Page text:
Alumni Profiles - Matthew Winterroth

Matthew Winterroth
Matthew Winterroth

Matthew Winterroth began his career at Duane Morris in the Intellectual Property Practice Group in Newark. Since 2011, Matthew has been part of a team dedicated to protecting and enforcing IP for the billion-dollar sports entertainment company, World Wrestling Entertainment. Below, Matt shares his story about working at WWE and how his time at Duane Morris primed him for the challenge, as well as which wrestler is his counterpart.

Q: Describe your day-to-day work at WWE.

A: No two days are alike at WWE, but I lead enforcement of WWE's worldwide intellectual property portfolio by way of implementation and administration of extensive and aggressive anti-counterfeiting and online anti-piracy programs.

I directly manage domestic and international anti- counterfeiting efforts online and offline through local counsel, third-party vendors, investigators, payment processors, hosting providers and local and federal law enforcement. This includes overseeing customs training and enforcement programs in more than 40 countries.

I also conduct the removal of unauthorized user-generated content and peer-to-peer video sharing, takedown notifications under the Digital Millennium Copyright Act, domain name recovery procedures, social media and mobile app monitoring, as well as livestream enforcement during our premier events such as WrestleMania and SummerSlam.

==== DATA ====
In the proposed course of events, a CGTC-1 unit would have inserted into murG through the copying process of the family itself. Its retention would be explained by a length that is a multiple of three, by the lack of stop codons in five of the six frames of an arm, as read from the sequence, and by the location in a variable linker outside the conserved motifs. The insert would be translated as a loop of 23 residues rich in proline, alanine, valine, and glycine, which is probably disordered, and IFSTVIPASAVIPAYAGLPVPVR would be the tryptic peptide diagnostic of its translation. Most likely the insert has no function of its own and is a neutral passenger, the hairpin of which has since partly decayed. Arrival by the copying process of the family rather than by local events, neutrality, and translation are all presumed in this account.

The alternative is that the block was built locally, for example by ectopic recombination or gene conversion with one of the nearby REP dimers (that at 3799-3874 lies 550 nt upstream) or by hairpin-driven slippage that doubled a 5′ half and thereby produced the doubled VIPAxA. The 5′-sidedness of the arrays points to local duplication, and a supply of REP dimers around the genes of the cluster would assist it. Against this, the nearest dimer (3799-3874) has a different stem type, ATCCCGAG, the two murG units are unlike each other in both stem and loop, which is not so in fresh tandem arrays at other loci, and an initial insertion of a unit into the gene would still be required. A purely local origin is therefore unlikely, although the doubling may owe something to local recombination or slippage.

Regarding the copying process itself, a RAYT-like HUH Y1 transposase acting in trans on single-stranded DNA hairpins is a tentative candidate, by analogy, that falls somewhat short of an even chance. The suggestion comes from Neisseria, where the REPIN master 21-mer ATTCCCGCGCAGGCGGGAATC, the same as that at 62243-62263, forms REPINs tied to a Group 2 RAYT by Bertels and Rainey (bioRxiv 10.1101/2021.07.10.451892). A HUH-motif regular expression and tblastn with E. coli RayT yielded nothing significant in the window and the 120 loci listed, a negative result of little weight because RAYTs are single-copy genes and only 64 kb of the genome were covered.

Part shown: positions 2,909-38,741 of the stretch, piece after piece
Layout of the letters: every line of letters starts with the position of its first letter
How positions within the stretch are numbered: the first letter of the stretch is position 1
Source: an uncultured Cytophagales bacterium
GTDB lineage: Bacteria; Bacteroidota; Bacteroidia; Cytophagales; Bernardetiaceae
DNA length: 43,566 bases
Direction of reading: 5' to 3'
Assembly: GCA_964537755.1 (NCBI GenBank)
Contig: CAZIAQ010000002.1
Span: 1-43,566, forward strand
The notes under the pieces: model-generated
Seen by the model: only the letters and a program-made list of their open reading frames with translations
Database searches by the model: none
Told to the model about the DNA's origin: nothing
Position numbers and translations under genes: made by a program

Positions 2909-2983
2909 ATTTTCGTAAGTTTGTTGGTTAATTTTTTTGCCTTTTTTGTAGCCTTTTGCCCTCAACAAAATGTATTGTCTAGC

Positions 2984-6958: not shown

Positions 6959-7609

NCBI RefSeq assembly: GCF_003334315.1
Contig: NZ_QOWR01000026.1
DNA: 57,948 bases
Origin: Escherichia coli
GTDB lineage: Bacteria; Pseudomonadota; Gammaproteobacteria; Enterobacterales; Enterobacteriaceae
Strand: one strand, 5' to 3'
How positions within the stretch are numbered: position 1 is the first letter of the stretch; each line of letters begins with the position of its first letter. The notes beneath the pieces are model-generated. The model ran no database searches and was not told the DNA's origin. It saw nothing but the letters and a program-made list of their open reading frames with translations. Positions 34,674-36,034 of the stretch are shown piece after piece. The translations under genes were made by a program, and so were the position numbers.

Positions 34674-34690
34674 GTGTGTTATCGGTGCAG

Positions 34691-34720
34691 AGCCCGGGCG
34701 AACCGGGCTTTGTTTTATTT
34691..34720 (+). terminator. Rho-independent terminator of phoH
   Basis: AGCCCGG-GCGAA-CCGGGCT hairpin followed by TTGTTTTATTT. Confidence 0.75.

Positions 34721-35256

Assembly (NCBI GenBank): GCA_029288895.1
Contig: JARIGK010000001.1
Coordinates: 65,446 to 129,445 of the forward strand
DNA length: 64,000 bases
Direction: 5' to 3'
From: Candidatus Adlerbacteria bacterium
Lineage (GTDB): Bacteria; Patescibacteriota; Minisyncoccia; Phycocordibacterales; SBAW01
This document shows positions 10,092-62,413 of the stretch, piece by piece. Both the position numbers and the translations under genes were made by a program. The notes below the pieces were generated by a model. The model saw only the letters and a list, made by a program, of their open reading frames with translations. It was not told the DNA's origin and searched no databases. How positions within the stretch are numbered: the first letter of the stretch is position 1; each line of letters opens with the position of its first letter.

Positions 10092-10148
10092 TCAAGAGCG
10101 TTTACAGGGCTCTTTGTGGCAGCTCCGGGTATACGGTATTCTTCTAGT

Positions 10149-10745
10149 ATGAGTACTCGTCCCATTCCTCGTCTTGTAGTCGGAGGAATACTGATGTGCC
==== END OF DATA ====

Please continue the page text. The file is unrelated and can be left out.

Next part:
On the corporate side, I counsel WWE's internal business groups regarding the best branding strategy for developing, enhancing and protecting strong intellectual property rights globally. I also negotiate and draft a wide variety of commercial agreements (e.g., licensing, vendor, sponsorship, digital, sweepstakes, charitable, consulting, publication, etc.).

Q: Your three-person IP team was named the Sports, Entertainment & Media Team of the Year in 2015, as well as being nominated for the North America Team of the Year, at the World Trademark Review Industry Awards. (The team was nominated again in both categories in 2016.) Tell us about that.

A: This was a wonderful honor and surprise for us, particularly since my boss Lauren Dienes-Middlen made the shortlist for In-house Counsel of the Year. At WWE, Lauren and I manage an intellectual property portfolio consisting of more than 9,000 worldwide copyright registrations and 8,000 active and registered trademarks in more than 80 countries.